The following article features coverage from the ESMO World Congress on Gastrointestinal Cancer 2018 meeting. Click here to read more of Cancer Therapy Advisor‘s conference coverage.

The combination of atezolizumab plus cobimetinib did not improve progression-free survival (PFS) or overall survival (OS) compared with regorafenib in patients with previously treated unresectable locally advanced or metastatic microsatellite-stable colorectal cancer (CRC), according to phase 3 data presented at the ESMO World Congress on Gastrointestinal Cancer 2018.1

Cobimetinib inhibits MEK1/2, which are components of the MAPK pathway. Downregulation of this pathway may alter the tumor microenvironment and improve T-cell response against tumor cells. The investigators hypothesized that the addition of cobimetinib to atezolizumab would further improve immune recognition and result in better antitumor activity.

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The international, open-label, phase 3 IMblaze370 trial ( Identifier: NCT02788279) randomly assigned 363 patients with unresectable locally advanced or metastatic CRC that was microsatellite stable or microsatellite instability-low to receive 2:1:1 atezolizumab plus cobimetinib, atezolizumab alone, or regorafenib. The primary endpoint was OS and the secondary endpoints included PFS, objective response rate (ORR), and duration of response.

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At enrollment, the median age was 58 and 26% of patients had received more than 3 prior therapies. A RAS mutation was present in 54.3% of tumors.

There was no difference in ORR, PFS, OS between groups. The ORR was 2.7% with atezolizumab plus cobimetinib compared with 2.2% each with atezolizumab monotherapy or regorafenib. The median OS was 8.9 with atezolizumab plus cobimetinib (hazard ratio [HR], 1.00; 95% CI, 0.73-1.38) and 7.1 months with atezolizumab alone (HR, 1.19; 95% CI, 0.83-1.71) compared with 8.5 months with regorafenib. The median PFS was also similar with atezolizumab plus cobimetinib (HR, 1.25; 95% CI, 0.94-1.65) and atezolizumab monotherapy (HR, 1.39; 95% CI, 1.0-1.94) compared with regorafenib.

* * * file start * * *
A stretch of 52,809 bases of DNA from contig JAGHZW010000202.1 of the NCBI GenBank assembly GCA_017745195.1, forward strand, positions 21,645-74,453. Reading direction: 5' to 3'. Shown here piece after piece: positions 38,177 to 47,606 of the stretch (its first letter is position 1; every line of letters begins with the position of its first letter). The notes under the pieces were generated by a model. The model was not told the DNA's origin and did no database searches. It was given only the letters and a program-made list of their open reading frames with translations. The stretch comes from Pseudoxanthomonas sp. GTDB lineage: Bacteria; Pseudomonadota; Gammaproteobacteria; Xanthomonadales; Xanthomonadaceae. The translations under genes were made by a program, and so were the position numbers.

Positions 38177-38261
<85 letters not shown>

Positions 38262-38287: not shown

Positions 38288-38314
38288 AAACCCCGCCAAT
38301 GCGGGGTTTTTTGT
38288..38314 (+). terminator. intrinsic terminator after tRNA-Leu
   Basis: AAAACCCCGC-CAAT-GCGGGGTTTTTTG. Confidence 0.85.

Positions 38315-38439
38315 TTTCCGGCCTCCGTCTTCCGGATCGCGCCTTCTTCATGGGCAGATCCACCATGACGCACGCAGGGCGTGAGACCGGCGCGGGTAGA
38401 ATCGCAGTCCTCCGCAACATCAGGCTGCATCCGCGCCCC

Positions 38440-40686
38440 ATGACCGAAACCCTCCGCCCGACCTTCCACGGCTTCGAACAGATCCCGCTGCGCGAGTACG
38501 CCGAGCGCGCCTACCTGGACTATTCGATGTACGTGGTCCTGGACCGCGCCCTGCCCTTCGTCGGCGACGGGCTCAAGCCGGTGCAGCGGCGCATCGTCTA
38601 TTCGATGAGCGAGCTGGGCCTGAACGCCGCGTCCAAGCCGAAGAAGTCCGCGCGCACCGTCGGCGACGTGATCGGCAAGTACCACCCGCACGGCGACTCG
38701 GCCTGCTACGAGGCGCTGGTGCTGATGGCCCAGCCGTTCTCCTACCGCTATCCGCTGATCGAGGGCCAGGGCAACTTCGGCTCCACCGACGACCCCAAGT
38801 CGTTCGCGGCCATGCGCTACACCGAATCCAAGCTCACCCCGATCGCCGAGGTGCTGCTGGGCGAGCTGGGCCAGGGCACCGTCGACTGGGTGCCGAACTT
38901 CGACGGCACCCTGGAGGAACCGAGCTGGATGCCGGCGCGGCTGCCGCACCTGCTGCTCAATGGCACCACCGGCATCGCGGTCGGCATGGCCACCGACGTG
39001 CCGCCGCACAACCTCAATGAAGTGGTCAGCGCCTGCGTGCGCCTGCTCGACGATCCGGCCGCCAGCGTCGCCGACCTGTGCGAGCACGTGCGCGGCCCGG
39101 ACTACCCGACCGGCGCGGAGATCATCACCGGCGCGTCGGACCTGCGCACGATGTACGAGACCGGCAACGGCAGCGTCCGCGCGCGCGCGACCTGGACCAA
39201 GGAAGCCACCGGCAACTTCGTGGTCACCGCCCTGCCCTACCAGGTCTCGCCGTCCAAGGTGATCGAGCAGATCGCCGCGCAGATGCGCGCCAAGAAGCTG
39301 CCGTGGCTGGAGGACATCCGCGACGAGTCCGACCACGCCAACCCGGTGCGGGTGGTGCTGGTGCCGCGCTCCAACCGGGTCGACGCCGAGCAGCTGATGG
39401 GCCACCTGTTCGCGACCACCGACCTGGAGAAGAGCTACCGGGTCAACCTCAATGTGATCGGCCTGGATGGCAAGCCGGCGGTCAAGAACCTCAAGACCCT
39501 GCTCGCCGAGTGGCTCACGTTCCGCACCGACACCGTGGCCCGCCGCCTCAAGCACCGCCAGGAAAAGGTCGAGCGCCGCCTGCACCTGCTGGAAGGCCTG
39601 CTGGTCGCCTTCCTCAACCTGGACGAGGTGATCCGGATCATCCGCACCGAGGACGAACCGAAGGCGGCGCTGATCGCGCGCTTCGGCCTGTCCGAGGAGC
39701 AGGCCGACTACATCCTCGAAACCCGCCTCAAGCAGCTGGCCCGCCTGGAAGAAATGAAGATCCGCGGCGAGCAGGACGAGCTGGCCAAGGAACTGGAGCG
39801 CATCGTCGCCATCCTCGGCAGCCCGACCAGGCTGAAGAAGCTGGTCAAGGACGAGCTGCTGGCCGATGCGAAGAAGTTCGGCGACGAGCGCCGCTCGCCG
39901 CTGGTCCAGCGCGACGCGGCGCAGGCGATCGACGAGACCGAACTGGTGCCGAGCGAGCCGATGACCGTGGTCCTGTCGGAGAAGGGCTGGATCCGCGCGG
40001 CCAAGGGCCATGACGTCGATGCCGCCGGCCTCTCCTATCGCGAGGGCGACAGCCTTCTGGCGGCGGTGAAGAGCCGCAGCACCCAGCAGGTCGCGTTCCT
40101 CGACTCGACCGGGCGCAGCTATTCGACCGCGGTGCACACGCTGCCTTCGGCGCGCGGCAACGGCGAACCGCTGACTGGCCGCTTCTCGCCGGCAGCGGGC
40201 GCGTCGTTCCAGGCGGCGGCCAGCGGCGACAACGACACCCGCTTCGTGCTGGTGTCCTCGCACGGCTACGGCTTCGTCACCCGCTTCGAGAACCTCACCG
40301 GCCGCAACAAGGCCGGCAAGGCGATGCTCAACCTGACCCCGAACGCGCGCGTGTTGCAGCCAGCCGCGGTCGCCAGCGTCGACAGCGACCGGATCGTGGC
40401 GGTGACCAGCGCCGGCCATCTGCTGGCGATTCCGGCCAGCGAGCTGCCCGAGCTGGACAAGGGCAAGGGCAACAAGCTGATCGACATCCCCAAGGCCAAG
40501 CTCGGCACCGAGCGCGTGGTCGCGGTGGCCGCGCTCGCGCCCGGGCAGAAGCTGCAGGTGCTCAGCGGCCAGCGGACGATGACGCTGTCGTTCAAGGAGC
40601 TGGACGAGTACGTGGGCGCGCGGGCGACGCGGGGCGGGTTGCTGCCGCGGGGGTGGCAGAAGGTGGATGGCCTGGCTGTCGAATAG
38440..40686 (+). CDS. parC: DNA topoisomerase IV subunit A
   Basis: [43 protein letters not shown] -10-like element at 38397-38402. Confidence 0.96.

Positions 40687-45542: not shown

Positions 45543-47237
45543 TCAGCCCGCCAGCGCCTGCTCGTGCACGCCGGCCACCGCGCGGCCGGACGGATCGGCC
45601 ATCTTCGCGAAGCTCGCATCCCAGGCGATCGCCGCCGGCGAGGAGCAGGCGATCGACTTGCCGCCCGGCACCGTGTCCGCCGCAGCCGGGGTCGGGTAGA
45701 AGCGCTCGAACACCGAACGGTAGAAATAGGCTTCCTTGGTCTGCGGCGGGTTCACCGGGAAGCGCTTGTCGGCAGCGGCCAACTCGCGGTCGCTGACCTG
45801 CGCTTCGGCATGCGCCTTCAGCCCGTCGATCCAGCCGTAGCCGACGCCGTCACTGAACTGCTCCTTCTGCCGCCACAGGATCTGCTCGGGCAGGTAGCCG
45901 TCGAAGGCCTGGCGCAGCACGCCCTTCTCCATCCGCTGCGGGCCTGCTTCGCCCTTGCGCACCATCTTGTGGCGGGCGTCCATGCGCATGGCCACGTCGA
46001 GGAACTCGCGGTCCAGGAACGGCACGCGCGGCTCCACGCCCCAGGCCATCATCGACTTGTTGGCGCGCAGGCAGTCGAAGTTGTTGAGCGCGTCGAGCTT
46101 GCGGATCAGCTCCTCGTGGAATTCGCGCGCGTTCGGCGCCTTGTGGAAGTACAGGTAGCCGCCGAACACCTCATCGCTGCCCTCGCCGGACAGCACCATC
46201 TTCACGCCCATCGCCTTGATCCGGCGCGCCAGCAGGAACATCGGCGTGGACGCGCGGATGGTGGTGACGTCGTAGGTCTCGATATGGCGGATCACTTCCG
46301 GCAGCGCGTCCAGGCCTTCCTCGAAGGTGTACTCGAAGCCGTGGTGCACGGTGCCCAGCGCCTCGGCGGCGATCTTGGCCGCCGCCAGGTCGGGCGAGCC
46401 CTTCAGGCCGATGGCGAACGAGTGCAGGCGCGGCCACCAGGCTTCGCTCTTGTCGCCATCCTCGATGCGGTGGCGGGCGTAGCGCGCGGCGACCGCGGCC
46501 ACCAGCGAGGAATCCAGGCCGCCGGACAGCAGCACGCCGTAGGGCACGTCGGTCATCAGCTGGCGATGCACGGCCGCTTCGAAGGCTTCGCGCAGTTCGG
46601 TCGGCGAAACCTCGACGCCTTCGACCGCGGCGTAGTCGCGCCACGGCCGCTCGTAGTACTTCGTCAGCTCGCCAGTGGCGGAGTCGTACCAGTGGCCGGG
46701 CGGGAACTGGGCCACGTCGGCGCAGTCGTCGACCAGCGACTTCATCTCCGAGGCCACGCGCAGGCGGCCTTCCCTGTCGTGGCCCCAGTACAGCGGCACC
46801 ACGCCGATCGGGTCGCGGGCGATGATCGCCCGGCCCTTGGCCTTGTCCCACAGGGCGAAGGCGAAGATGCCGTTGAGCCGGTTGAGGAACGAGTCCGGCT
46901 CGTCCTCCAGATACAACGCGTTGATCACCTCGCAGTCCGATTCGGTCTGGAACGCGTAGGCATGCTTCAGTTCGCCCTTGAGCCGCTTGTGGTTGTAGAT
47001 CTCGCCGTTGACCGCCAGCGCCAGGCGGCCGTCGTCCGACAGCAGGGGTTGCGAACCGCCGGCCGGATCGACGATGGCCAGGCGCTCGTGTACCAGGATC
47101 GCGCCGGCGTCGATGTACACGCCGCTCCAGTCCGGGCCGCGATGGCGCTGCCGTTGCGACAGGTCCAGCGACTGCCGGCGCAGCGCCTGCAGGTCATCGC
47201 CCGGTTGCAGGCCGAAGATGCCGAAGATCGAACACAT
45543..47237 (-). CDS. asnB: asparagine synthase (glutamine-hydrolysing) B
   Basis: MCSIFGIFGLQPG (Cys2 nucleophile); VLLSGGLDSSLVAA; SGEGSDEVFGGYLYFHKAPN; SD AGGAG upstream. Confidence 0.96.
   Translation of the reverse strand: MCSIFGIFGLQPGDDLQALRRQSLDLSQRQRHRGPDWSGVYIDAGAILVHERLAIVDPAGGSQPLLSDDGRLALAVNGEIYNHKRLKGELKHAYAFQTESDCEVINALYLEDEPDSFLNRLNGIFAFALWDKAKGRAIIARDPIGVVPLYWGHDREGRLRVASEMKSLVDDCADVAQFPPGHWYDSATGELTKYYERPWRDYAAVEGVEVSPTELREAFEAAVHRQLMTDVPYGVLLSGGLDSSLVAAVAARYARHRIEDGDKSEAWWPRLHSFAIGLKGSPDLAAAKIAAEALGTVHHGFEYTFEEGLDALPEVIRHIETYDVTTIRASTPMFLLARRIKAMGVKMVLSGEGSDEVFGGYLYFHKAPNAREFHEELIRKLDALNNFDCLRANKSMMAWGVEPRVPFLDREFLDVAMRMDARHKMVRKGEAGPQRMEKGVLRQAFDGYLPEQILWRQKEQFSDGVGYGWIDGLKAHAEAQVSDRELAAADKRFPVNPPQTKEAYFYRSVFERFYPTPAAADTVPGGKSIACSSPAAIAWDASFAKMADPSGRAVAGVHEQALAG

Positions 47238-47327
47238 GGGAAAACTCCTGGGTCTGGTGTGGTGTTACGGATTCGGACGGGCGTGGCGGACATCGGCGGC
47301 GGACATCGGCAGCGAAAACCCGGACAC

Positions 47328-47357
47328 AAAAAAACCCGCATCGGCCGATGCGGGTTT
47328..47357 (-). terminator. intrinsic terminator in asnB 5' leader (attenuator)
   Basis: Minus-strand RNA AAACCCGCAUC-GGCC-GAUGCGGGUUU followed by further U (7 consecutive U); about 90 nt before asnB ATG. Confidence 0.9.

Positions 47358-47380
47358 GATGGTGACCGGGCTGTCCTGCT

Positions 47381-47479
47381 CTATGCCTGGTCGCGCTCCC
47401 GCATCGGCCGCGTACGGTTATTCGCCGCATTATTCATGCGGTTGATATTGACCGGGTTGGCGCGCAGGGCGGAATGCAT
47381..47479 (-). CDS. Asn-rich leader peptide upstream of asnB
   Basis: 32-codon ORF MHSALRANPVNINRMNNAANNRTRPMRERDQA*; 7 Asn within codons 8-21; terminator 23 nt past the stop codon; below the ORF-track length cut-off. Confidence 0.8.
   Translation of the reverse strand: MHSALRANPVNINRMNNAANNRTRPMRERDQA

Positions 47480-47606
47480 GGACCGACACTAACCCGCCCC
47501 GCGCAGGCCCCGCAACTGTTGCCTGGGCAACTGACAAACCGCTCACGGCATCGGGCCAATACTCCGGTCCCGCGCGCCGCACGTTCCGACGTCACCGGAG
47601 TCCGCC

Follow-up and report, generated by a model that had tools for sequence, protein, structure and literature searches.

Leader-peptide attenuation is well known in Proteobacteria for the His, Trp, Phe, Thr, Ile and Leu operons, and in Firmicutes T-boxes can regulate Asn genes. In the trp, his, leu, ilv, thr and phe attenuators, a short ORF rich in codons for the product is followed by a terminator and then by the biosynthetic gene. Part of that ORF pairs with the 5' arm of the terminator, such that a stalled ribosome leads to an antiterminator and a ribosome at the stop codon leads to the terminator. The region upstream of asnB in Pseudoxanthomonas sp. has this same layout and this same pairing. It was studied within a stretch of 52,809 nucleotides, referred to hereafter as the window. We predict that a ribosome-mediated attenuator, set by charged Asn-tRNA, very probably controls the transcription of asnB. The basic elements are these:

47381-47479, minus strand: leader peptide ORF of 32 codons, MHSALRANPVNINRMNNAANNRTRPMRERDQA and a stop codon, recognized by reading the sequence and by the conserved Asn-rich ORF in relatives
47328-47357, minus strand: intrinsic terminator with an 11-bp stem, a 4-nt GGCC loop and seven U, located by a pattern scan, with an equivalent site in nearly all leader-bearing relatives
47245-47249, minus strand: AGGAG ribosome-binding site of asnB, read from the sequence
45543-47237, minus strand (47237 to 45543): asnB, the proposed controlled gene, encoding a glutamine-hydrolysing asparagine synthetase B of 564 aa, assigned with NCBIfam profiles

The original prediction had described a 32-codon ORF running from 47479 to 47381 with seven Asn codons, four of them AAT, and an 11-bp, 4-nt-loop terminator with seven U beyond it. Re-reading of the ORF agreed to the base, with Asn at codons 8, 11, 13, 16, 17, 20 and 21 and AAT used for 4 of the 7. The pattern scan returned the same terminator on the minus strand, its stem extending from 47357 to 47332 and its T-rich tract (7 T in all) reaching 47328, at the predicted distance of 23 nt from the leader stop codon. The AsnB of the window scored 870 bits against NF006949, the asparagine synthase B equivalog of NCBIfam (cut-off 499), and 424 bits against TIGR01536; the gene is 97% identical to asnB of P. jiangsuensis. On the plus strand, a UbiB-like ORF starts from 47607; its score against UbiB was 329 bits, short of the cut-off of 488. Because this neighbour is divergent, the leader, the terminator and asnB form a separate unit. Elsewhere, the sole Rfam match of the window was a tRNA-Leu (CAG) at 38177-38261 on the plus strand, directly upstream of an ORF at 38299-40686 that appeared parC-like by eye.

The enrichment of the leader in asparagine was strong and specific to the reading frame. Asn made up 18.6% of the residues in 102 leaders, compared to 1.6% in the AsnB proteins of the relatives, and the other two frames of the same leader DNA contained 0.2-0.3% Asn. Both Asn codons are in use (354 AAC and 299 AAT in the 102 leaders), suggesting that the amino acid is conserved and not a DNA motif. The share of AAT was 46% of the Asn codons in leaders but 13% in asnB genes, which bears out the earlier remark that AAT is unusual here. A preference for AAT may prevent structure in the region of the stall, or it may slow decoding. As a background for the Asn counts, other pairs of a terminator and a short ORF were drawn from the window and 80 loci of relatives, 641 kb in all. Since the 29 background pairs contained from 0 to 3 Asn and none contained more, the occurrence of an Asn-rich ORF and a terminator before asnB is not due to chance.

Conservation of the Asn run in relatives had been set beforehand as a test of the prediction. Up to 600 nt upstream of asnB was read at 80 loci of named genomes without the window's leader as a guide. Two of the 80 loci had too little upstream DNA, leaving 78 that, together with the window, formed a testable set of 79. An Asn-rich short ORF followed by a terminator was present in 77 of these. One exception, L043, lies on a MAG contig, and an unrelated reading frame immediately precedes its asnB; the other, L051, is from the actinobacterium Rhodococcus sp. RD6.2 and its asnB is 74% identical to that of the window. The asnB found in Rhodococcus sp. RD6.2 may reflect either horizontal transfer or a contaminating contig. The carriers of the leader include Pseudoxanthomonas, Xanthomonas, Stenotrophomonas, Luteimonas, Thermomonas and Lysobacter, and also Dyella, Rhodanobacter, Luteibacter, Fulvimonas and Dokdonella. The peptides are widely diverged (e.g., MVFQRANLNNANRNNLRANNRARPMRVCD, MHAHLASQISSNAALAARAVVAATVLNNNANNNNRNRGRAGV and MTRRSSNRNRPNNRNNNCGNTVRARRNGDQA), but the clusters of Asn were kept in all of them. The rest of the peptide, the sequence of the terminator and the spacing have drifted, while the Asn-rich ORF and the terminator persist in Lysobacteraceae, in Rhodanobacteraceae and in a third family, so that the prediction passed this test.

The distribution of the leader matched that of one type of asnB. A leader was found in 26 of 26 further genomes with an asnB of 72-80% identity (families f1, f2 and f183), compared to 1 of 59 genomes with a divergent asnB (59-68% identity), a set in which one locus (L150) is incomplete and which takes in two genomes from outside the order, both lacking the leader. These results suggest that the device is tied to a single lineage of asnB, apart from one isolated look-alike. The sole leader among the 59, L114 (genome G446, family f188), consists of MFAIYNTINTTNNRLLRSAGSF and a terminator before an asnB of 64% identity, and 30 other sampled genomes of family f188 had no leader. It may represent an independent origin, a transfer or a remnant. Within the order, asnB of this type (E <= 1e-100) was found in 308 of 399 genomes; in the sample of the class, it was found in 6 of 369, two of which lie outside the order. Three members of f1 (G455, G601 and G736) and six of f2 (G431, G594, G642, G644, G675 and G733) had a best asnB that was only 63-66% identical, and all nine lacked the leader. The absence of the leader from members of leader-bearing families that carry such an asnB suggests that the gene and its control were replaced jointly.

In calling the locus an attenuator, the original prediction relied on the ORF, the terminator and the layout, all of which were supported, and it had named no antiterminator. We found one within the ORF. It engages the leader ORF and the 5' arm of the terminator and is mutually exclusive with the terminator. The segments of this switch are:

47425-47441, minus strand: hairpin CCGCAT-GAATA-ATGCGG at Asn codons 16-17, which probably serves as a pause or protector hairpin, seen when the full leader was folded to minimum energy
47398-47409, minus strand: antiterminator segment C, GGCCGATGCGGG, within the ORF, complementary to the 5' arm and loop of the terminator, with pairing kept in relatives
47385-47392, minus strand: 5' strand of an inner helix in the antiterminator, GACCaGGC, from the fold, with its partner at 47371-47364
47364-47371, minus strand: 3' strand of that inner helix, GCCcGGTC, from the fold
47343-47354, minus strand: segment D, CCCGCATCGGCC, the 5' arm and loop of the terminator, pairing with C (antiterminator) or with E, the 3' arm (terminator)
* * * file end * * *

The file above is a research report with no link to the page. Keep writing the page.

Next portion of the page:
Grade 3/4 treatment-related adverse events (TRAEs) occurred more frequently among patients who received regorafenib at 49% compared with 45% of patients treated with atezolizumab plus cobimetinib and 10% of patients who received atezolizumab monotherapy. TRAEs that occurred in more than 30% of patients who received the combination included diarrhea, rash, and nausea, whereas palmar-plantar erythrodysesthesia, fatigue, diarrhea, and decreased appetite occurred with regorafenib. There were no grade 3/4 TRAEs that occurred in more than 30% of patients in the atezolizumab monotherapy group.

The authors stated that in the IMblaze370 trial, atezolizumab plus cobimetinib or atezolizumab monotherapy did not meet the primary endpoint.

Read more of Cancer Therapy Advisor‘s coverage of the ESMO World Congress on Gastrointestinal Cancer 2018 meeting by visiting the conference page.


  1. Bendell J, Ciardiello F, Tabernero J, et al. Efficacy and safety results from IMblaze370, a randomised phase III study comparing atezolizumab+cobimetinib and atezolizumab monotherapy vs regorafenib in chemotherapy-refractory metastatic colorectal cancer. Ann Oncol. 2018;29 (suppl 5;abstr LBA-004):v123. doi: 10.1093/annonc/mdy208.003